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« Reply #542 on: Today at 11:53 AM »

Why Nemtsov Was Murdered

By John E. Herbst 3/2/15 at 8:16 PM

The prominent Putin opponent was about to prove Russian troops were fighting in Ukraine. Tatyana Makeyeva/Reuters

The professional killing of Boris Nemtsov on February 27 confronts us with two facts that Western policymakers ignore at great cost in the Russia-Ukraine war.

First, Vladimir Putin’s war in Ukraine is potentially a great domestic political liability for him. Second, it is central to his campaign to crush all democratic inclinations so as to force Russia back under into the authoritarian rule it bore for centuries under tsars and Soviet commissars.

Putin’s vulnerabilities in this war may be obscured by his surge in popularity last year after he “annexed” Crimea. But while Russians have applauded his nationalist posturing, polls have shown that most Russians (as many as 58 percent) oppose sending Russian troops to fight in Ukraine. Given that Putin already is doing this, he is trying at great cost to hide that fact from his people.

Former Deputy Prime Minister Nemtsov was a fading political figure. Alexander Navalny had long ago replaced him as the face of the opposition. But Nemtsov was preparing a paper documenting the role of Russian troops in Putin’s war against Ukraine, according to close associates, and had taken the lead in organizing the March 1 rally against that war. Since the rally turned into a memorial for Nemtsov instead of a possible exposé of the Kremlin’s war of aggression, at first glance the hit looks like a win for Putin.

Hiding the War From Russians

While Nemtsov was no threat to the Kremlin as an opposition leader, his effort to inform the Russian public about the use of Russian troops in the war was a danger. The Kremlin is burying its war dead in secret and ordering the wounded, on penalty of losing military benefits, to not say where they received their injuries.

In August Putin had the Committee of Mothers of Russian Soldiers labeled a “foreign agent” and therefore subject to onerous restrictions after its leader declared that Russian soldiers were fighting in Ukraine. Nemtsov was dangerous because he was still a high-profile figure and his laying out the evidence for the presence of regular Russian troops in Ukraine would have pierced Putin’s propaganda curtain, at least in Moscow.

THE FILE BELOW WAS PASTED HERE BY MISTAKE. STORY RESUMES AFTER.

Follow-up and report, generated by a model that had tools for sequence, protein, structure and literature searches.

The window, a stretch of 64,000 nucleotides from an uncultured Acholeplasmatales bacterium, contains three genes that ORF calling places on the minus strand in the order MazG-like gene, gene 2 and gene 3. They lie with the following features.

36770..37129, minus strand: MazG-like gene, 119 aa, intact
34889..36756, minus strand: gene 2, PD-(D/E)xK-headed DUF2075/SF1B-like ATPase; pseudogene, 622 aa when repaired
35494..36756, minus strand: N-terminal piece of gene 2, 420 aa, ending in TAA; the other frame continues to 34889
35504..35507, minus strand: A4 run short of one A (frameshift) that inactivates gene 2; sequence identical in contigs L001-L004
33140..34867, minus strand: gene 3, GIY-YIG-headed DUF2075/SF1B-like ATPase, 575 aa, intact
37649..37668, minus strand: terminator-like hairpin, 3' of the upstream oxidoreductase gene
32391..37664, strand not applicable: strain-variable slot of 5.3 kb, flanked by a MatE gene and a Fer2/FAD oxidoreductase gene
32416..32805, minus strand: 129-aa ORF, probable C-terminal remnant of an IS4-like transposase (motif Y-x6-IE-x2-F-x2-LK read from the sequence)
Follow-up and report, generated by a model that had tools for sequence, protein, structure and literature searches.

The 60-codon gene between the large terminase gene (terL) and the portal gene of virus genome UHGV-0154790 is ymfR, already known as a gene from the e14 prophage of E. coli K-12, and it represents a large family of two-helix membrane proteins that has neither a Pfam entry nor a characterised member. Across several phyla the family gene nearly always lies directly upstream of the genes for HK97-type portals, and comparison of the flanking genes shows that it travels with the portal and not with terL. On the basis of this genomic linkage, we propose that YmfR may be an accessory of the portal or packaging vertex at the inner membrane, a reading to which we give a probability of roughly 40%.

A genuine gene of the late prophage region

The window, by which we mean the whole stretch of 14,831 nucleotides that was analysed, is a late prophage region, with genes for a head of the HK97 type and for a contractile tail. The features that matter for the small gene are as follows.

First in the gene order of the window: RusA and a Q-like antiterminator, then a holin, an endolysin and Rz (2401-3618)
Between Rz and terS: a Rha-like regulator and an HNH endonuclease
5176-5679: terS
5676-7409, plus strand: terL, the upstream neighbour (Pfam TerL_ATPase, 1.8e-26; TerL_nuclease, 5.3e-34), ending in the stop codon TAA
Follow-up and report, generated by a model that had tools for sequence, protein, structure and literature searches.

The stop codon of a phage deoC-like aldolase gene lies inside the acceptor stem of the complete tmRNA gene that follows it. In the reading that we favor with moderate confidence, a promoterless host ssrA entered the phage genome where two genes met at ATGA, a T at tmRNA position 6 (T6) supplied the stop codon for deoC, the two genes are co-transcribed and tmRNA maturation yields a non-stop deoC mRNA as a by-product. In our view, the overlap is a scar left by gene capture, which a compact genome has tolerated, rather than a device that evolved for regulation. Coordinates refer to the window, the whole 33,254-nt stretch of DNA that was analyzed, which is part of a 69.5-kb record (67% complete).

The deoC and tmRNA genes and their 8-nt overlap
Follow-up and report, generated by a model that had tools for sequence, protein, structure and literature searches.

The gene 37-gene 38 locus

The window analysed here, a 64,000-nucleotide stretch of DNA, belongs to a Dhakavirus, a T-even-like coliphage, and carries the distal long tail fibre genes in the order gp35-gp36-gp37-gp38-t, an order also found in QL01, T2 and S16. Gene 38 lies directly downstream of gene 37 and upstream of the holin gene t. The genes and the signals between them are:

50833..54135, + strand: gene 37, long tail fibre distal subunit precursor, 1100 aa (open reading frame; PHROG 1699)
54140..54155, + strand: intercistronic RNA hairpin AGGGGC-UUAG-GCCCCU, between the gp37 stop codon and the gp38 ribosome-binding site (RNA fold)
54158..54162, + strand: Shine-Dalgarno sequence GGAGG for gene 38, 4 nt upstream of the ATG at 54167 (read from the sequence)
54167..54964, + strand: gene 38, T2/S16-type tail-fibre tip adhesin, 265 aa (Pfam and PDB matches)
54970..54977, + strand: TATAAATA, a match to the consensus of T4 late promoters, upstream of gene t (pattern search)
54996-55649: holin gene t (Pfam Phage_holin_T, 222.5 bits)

Properly understood, this means that Western policies that help inform the Russian people that Russian soldiers are fighting in Ukraine make it harder for Putin to continue his war of aggression. This is an argument both to increase substantially the budgets for broadcast stations like Radio Liberty, and to provide defensive military weapons to Ukraine. Providing weapons would either deter further aggression, or, by leading to more Russian casualties, make it harder for the Kremlin to hide its war from its own people.

Nemtsov’s assassination also underlines that the fight for Ukraine is simultaneously a struggle for the freedom of the Russian people. The great Russian historian Vasiliy Klyuchevsky wrote in the late 19th century that “the foreign territorial expansion of the Russian government moves in inverse proportional relationship to the development of the internal freedom of the people” (Russian History, Volume II, Lecture XLI). Since returning to the presidency in 2012, Putin has introduced an increasingly authoritarian regime. 

To build up support for his aggression in Ukraine, Putin’s propaganda campaign has sounded increasingly hard nationalist themes including shrill attacks on alleged "fifth columnists,” or traitors in the midst of the Russian nation. While it is quite likely that we will never know who ordered the killing of Nemtsov, the stark atmosphere against “traitors” certainly created the atmosphere for it and for further attacks on the liberties of those who do not agree with the Kremlin’s policies in Ukraine or elsewhere.

By helping the reformers in Kyiv blunt Moscow’s aggression and develop a democratic and prosperous Ukraine outside of Donbass and Crimea, the West also will be dealing a shot at the authoritarianism that hinders the liberty and prosperity of the Russian people. (The re-acquisition of Crimea and the Donbass can be better addressed at a later stage.)

In this light, stronger sanctions and military support for Ukraine are tools that either persuade Putin to cease his aggression or oblige him to face increasing problems at home—problems that at some point may usher in a government, under Putin or someone else, better disposed to the freedom and well-being of the people of Russia. Those advocating kid-glove treatment for Putin are doing the Russian people no favor.

John E. Herbst is director of the Dinu Patriciu Eurasia Center at the Atlantic Council. He served as the U.S. ambassador to Ukraine from 2003 to 2006. This article first appeared on the Atlantic Council website.